The lathe was powered by an old 1 HP Craftsman motor run through a jackshaft and a 4 step pulley, the
speed was somewhat variable. I had read about people adapting treadmill motors to lathes and decided
to attempt it. The first free treadmill was not operating because the controller was bad, but had a $300-
according to the owner- motor, the second had no controller and the third had a controller I could not
adapt. I bought a rebuilt MC-60 controller for $50.00 and my core and started down the slippery slope.
I could not find a V-belt pulley to replace the serpentine belt pulley, so I took the pulley off a second DC
motor and bored it out to 3/4” to fit on the jackshaft I used with my old motor.
The motor had a 16mm (.6295In) shaft with the pulley/flywheel held on by a 1/2” 13tpi left hand thread.
The cross slide rest is one reason I want to keep this old lathe, I can do light machine work with it as well
as wood turning. A local machine shop broached a 3/16” keyway in the pulley for $15.00 and I was ready
to start assembly.
The only problem is the V belt drive is on the left side of mounting setup so the drive motor has to set on
the left side. I would have to make the mounting plate extra wide or reverse the DC motor. Wanting to
save space I decided to reverse the DC motor by switching the motor leads, but the left hand mounted
pulley would want to spin off, so I drilled a hole, half in the drive shaft and half in the pulley and threaded
it 1/4-20, inserting a 1/4-20 set screw with blue lock tight eliminated the problem of the pulley coming off.
I now have the motor mounted to the special adapter plate and driving a serpentine pulley that will turn
the jack shaft that will turn my lathe. The plate is fastened to a sturdy piano hinge that will allow the
weight of the motor and drive assembly to provide tension on the V-belt. The DC motor had a tensionilng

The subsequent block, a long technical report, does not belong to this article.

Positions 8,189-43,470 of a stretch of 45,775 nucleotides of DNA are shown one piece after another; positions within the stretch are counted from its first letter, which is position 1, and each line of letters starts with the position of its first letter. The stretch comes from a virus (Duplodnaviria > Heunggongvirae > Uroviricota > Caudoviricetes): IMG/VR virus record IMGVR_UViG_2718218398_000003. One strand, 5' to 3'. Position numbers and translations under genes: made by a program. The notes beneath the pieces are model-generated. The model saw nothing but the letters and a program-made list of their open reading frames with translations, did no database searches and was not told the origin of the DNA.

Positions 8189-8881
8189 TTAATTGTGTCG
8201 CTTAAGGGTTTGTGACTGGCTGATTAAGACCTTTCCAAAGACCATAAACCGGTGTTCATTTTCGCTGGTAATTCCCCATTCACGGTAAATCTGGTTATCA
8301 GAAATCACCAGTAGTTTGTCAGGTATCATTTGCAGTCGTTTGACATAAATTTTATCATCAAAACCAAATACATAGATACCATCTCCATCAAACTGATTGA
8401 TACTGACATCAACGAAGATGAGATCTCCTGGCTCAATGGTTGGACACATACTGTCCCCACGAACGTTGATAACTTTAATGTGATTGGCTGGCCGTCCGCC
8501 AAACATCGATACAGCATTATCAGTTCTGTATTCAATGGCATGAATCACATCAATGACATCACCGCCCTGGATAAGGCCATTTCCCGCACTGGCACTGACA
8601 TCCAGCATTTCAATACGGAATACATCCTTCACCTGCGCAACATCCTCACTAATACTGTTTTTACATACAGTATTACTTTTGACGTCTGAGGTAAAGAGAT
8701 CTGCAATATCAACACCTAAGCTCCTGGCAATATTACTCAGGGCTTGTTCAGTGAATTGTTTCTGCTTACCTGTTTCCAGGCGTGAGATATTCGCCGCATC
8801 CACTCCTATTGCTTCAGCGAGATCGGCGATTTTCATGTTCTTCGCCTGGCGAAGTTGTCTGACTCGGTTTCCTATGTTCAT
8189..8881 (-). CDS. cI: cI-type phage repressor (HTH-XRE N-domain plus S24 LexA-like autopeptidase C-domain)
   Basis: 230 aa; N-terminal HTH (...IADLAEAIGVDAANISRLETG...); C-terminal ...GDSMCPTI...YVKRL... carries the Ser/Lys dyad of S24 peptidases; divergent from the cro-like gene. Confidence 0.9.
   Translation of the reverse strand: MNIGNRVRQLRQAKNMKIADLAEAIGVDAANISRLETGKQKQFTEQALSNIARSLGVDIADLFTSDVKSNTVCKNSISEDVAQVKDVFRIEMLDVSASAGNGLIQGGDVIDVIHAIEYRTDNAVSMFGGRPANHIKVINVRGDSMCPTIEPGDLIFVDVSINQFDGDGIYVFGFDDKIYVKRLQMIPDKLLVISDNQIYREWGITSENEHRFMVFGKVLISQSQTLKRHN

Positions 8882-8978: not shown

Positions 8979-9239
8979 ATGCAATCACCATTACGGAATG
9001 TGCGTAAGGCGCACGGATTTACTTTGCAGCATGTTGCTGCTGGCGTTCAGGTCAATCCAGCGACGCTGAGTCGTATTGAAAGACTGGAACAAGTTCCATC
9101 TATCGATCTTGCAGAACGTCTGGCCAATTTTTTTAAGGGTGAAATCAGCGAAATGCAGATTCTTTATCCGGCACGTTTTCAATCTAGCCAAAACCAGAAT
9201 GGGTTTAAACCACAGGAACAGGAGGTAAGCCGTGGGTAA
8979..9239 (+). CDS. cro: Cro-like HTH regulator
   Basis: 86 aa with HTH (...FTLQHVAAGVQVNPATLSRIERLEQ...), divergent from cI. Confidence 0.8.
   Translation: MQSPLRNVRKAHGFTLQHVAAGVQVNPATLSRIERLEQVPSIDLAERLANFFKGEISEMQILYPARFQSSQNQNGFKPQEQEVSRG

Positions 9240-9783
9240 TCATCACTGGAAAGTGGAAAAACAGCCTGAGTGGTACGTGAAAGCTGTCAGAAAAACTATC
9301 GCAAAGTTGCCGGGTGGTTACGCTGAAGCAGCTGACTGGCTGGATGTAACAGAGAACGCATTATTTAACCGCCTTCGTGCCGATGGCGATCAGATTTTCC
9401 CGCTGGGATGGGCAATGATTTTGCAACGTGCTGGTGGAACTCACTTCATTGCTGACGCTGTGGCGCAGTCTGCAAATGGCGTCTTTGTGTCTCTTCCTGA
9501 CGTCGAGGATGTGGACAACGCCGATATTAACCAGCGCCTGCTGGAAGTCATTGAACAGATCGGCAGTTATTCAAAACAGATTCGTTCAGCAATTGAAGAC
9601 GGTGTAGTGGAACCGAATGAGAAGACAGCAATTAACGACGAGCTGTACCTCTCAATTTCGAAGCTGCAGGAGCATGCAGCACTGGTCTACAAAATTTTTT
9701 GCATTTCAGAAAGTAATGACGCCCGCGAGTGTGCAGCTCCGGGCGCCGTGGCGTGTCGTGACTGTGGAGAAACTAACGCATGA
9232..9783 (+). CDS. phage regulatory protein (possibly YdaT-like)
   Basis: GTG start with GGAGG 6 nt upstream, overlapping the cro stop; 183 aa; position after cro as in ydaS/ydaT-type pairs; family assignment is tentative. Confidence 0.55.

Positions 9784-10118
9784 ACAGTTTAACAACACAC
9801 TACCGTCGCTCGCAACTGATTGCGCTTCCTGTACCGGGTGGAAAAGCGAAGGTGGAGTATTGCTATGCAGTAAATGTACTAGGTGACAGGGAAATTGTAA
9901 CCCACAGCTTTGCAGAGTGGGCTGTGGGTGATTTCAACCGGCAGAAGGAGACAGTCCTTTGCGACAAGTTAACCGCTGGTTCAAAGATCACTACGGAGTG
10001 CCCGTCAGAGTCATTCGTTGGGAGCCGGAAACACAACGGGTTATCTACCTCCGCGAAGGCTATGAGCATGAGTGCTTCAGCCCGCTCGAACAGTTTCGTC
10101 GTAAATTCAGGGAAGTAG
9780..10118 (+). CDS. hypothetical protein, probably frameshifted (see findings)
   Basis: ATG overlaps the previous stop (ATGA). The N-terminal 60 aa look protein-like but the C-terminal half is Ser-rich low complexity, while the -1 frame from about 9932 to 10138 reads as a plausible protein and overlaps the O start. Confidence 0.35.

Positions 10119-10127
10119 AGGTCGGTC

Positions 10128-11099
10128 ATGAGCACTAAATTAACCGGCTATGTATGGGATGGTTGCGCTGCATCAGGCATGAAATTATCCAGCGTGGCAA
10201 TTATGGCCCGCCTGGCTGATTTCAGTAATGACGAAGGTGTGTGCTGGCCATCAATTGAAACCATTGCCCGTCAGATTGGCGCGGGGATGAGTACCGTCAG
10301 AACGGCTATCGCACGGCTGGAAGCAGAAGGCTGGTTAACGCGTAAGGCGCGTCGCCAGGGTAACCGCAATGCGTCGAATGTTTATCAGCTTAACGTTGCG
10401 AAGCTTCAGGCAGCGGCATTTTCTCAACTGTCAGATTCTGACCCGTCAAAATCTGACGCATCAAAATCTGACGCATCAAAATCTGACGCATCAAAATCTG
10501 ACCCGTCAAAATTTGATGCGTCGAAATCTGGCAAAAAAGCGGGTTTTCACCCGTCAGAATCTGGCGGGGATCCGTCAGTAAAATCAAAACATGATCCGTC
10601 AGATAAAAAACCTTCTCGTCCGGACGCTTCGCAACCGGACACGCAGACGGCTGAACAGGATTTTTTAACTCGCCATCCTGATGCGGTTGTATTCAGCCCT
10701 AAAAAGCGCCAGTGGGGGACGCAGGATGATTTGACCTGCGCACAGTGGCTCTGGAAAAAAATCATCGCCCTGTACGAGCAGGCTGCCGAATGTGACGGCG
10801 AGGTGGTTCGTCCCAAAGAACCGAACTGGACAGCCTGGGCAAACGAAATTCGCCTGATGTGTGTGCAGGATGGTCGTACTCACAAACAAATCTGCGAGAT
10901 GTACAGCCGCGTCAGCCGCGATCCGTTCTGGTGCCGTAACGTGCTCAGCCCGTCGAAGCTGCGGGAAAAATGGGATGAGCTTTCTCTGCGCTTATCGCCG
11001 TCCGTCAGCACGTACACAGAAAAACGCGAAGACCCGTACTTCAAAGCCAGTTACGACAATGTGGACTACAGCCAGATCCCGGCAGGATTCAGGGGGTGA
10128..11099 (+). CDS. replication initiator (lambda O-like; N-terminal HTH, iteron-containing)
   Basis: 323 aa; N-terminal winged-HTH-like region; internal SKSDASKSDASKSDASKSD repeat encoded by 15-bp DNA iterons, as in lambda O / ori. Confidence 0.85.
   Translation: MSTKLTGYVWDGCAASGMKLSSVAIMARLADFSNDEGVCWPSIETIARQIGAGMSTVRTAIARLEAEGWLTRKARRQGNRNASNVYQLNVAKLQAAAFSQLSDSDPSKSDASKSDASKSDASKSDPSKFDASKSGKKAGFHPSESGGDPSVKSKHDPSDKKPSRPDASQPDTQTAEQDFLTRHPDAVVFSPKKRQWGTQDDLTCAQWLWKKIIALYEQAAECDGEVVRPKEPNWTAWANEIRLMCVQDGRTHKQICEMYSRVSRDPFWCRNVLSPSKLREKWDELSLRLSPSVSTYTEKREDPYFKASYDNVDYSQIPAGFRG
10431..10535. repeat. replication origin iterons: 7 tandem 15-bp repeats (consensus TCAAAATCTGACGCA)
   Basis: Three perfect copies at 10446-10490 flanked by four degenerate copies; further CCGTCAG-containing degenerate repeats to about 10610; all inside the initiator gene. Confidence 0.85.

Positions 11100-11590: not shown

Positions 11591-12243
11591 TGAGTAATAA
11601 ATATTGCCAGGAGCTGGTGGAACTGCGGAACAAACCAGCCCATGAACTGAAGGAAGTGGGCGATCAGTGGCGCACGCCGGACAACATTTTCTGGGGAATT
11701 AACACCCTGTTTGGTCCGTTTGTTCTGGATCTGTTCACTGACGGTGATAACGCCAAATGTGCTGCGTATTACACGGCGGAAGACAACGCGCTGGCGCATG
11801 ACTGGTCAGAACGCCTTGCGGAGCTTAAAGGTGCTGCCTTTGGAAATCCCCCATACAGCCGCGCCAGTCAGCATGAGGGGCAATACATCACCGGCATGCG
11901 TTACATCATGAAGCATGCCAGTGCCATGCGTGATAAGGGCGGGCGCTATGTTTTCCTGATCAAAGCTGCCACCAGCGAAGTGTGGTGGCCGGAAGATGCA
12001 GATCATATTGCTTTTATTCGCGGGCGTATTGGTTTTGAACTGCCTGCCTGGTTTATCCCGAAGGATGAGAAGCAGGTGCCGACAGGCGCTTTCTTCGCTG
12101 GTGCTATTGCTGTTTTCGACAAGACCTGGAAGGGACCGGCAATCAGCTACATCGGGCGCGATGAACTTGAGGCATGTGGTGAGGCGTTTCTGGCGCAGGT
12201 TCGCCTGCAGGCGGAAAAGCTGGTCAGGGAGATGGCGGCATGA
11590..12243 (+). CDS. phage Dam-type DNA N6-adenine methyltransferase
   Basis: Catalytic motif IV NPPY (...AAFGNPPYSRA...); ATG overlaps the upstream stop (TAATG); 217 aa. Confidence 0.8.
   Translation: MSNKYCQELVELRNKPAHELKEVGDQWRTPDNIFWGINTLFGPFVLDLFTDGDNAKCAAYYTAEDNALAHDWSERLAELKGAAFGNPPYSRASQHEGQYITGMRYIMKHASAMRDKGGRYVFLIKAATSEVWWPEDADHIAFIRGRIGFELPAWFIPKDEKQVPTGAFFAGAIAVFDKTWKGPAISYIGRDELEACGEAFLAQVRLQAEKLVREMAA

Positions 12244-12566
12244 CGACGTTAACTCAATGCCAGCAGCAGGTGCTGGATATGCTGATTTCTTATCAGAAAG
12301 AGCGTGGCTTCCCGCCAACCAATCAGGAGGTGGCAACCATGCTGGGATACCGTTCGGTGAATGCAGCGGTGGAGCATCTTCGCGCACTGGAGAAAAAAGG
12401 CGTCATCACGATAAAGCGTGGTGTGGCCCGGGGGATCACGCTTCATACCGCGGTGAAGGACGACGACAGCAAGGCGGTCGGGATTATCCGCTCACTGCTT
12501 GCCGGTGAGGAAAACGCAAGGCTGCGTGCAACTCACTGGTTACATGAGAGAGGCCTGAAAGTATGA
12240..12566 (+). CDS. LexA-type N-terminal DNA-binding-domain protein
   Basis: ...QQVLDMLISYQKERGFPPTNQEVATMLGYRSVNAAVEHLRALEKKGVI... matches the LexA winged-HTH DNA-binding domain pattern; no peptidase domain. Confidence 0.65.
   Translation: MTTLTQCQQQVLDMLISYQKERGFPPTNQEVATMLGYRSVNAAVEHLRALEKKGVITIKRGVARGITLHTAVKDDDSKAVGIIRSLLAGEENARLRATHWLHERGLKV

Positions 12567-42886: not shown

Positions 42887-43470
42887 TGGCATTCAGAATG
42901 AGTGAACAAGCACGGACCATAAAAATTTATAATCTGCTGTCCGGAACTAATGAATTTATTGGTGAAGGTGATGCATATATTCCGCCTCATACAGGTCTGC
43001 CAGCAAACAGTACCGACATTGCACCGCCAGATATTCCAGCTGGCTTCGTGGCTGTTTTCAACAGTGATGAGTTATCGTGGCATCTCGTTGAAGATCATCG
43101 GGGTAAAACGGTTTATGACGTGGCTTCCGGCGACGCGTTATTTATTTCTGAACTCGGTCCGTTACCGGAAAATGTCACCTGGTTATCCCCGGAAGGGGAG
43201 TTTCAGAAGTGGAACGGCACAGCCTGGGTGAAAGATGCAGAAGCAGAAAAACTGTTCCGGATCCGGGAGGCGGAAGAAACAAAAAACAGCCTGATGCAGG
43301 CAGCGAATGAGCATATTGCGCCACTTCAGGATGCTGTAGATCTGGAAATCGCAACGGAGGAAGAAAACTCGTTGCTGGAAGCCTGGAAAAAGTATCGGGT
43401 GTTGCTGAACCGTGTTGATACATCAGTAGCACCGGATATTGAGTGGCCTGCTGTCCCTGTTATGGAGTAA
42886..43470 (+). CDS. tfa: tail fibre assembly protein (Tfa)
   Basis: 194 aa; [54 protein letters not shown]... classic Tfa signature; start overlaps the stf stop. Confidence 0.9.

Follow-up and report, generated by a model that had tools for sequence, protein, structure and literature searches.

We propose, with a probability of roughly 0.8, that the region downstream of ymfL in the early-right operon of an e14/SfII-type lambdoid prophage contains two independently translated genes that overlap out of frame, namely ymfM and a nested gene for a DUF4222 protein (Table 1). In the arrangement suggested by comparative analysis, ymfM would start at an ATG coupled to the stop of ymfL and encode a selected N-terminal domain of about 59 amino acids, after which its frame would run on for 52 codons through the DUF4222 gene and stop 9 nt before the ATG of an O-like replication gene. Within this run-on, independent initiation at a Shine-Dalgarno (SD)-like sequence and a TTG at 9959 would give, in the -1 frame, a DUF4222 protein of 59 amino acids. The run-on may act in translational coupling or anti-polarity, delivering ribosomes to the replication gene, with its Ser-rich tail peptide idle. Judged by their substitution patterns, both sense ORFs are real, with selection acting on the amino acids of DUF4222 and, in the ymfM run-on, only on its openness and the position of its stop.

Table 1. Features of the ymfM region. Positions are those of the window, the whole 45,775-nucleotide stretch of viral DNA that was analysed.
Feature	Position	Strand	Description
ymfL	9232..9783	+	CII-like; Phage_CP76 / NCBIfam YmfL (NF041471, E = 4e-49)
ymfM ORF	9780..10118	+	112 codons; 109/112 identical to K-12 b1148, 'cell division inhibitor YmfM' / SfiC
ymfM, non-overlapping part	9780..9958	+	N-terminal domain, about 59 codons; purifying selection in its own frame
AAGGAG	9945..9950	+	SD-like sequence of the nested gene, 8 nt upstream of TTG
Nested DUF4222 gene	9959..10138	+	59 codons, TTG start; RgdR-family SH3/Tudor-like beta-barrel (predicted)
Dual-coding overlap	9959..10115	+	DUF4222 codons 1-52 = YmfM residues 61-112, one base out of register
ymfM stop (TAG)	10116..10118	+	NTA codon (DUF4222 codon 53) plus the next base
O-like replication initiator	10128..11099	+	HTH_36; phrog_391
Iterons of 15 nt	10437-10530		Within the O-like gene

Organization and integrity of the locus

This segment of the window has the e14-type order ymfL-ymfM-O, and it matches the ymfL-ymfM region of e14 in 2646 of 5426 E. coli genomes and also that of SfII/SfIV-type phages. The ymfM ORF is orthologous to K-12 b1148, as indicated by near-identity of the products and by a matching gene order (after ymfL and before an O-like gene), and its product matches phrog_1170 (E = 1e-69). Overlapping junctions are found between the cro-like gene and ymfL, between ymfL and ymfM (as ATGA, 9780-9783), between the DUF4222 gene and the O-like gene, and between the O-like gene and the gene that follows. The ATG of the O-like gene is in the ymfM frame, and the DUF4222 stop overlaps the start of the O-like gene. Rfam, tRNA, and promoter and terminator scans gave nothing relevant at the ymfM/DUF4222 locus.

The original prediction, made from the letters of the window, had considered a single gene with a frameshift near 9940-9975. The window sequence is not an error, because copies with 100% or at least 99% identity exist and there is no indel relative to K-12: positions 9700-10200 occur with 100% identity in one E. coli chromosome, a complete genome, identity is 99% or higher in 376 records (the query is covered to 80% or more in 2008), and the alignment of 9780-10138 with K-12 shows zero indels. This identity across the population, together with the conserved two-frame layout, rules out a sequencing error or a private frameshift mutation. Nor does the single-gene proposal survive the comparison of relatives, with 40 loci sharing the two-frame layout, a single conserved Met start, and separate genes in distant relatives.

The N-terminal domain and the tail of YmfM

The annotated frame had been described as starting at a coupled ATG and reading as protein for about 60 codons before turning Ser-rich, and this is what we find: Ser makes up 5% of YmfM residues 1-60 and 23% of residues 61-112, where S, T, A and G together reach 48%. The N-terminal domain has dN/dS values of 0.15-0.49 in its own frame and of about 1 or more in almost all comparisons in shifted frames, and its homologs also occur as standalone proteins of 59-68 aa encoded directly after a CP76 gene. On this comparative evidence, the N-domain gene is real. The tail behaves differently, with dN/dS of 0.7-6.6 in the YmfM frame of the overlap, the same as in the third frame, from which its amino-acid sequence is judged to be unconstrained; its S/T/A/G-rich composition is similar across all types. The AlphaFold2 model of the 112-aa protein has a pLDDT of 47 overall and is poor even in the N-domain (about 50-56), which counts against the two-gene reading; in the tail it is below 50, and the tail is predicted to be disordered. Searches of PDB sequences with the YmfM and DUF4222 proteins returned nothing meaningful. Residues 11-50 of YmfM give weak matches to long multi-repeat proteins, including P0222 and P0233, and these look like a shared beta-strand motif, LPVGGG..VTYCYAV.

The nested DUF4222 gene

bracket that I used to tension the serpentine belt.
The controller might not be damaged by wood chips and dust, but I decided to enclose it in its own box.
I made the back from sheet metal, but wanted to be able to see the lights on the controller so the front
is plexiglass. The controller sets behind the head of the lathe. I wanted to use a regular electronic box
to mount the controls for the lathe, but Radio Shack closed its store in Missoula last month, so I adapted
a double gang electric box.!
The fuse is from the original treadmill, and is a 12 amp ceramic fuse. the red light and the potentiometer
for adjusting the speed also came from the treadmill. I used a heavy duty toggle switch from my supply.
here is the drive unit in place.
Looking at it, it is a little Rube Goldberg, but it does work. The electric power comes through an outlet
on the lathe that is controlled by a special paddle switch that I can shut off by bumping it with my leg
just in case I get careless and need an emergency shut off. It works good so far and my only problem
is that I just got another free DC motor that has a keyed shaft that is 17mm (.6693in). If I redo my
adapter plate, I could build a V-belt pulley that would fit on that motor and mount it directly below
lathe head. That is for another day. I want to thank Rick M. / Woodknack and Sawdustonmyshoulders
for the help and pictures that made this project a lot easier.
The DC motor is rated at 21.5 Amp and 2.65 peak HP, but the AC fuse is 12 amp so I am getting a
lot more power at a lower cost thanks to that electronic control box. There may just be a few more
DC motor projects in my future.
-- As ever, Gus-the 77 yr young apprentice carpenter